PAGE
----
Is Guam Safe From North Korea? Kim Jong-Un's Threats Are Being Taken Seriously

It's no surprise that tensions between the United States and North Korea are running hot right now. Thanks in large part to U.S. intelligence sources claiming that North Korea has successfully miniaturized nuclear warheads that can be equipped with intercontinental ballistic missiles, and the threats from both sides since, it's clear that this is a highly charged moment. So highly charged, in fact, that Guam is informing its citizens on nuclear attack readiness, and what to do if the worst were to happen.

Although there's no reason to think war is actually imminent or unavoidable ― North Korea has been promising to destroy America and its allies for decades, as such statements serve a purpose as domestic propaganda ― the isolated, repressive state's recent threats against Guam, the U.S. island territory in the South Pacific, clearly sent a message.

In response, the Guam Homeland Security department released a fact sheet detailing exactly what people should do if there's a nuclear strike, and it's a rather harrowing read. Again, it's by no means a foregone conclusion that any of the worst-case scenarios will ever actually happen. But even seeing these sorts of instructions distributed to the public raises a haunting feeling, not unlike the days of Cold War nuclear preparedness drills. Here are some of the takeaway pieces of advice being given to residents of Guam:

1. Prepare A Plan For Supplies And Shelter

Fallout shelters do not need to be specifically constructed for protecting against fallout. They can be protected space, provided that the walls and roof are thick and dense enough (i.e.concrete) to absorb radiation given off by fallout particles.

2. Don't Leave Shelter To Look For Your Family

Find the nearest building, preferably built of brick or concrete, and go inside to avoid any radioactive material outside. ... Stay where you are, even if you are separated from your family. Inside is the safest place for all people in the impacted area. It can save your life. ... Expect to stay inside for at least 24 hours unless otherwise told by authorities.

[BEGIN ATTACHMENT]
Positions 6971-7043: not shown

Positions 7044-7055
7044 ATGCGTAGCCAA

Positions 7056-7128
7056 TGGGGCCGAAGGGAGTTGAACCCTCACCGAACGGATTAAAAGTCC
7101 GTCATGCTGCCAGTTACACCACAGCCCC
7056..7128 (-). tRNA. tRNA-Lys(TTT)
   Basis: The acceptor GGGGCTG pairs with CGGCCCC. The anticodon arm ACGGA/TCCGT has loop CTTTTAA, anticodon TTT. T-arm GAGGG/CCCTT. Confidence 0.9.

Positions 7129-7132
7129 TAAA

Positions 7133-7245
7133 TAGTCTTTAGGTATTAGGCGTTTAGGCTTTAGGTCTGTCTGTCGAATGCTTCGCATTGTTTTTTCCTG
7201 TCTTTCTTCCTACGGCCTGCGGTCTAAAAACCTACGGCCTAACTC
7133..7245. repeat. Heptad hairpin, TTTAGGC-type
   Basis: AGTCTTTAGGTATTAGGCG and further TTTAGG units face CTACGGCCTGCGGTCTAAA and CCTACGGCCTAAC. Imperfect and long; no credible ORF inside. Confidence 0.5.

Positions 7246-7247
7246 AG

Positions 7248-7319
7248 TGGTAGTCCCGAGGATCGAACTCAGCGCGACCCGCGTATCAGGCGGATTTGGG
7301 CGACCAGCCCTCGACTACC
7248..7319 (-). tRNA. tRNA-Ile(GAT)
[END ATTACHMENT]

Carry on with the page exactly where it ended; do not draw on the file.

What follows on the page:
3. Don't Look At The Explosion

Do not look at the flash or fireball — It can blind you.

4. Take Cover Behind Any Nearby Obstructions

Take cover behind anything that might offer protection. ... Lie flat on the ground and cover your head. If the explosion is some distance away, it could take 30 seconds or more for the blast wave to hit. ... Take shelter as soon as you can, even if you are many miles from ground zero where the attack occurred ― radioactive fallout can be carried by winds for miles. Remember the three protective factors: Distance, Shielding and Time.

5. Clean Off Any Radioactive Particles

If you were outside during or after the blast, get clean as soon as possible, to remove radioactive material that may have settled on your body. ... Remove your clothing to keep radioactive material from spreading. Removing the outer layer of clothing can remove up to 90% of radioactive material.

6. Bag Up Any Contaminated Clothing

If practical, place your contaminated clothing in a plastic bag and seal or tie the bag. Place the bag as far away as possible from humans and animals so that the radiation it gives off does not affect others.

7. Take A Shower, But Don't Use Conditioner

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When possible, take a shower with lots of soap and water to help remove radioactive contamination. Do not scrub or scratch the skin. ... Wash your hair with shampoo, or soap and water. Do not use conditioner in your hair because it will bind radioactive material to your hair.

8. If Showering Is Impossible, Wipe Off Your Exposed Skin

Gently blow your nose and wipe your eyelids and eyelashes with a clean wet cloth. Gently wipe your ears. ... If you cannot shower, use a wipe or clean wet cloth to wipe your skin that was not covered by clothing.

9. Listen For Official Instructions

Keep listening for official information about what to do, where to go and places to avoid. ... Stay away from damaged areas, areas marked “radiation hazard” or “HAZMAT.” Remember that radiation cannot be seen, smelled or otherwise detected by human senses.

If you're curious to review the entire document, you can do so here. While Guam is the location most recently threatened by North Korea, it's worth noting that the advice contained within is valuable under any circumstances involving a nuclear attack.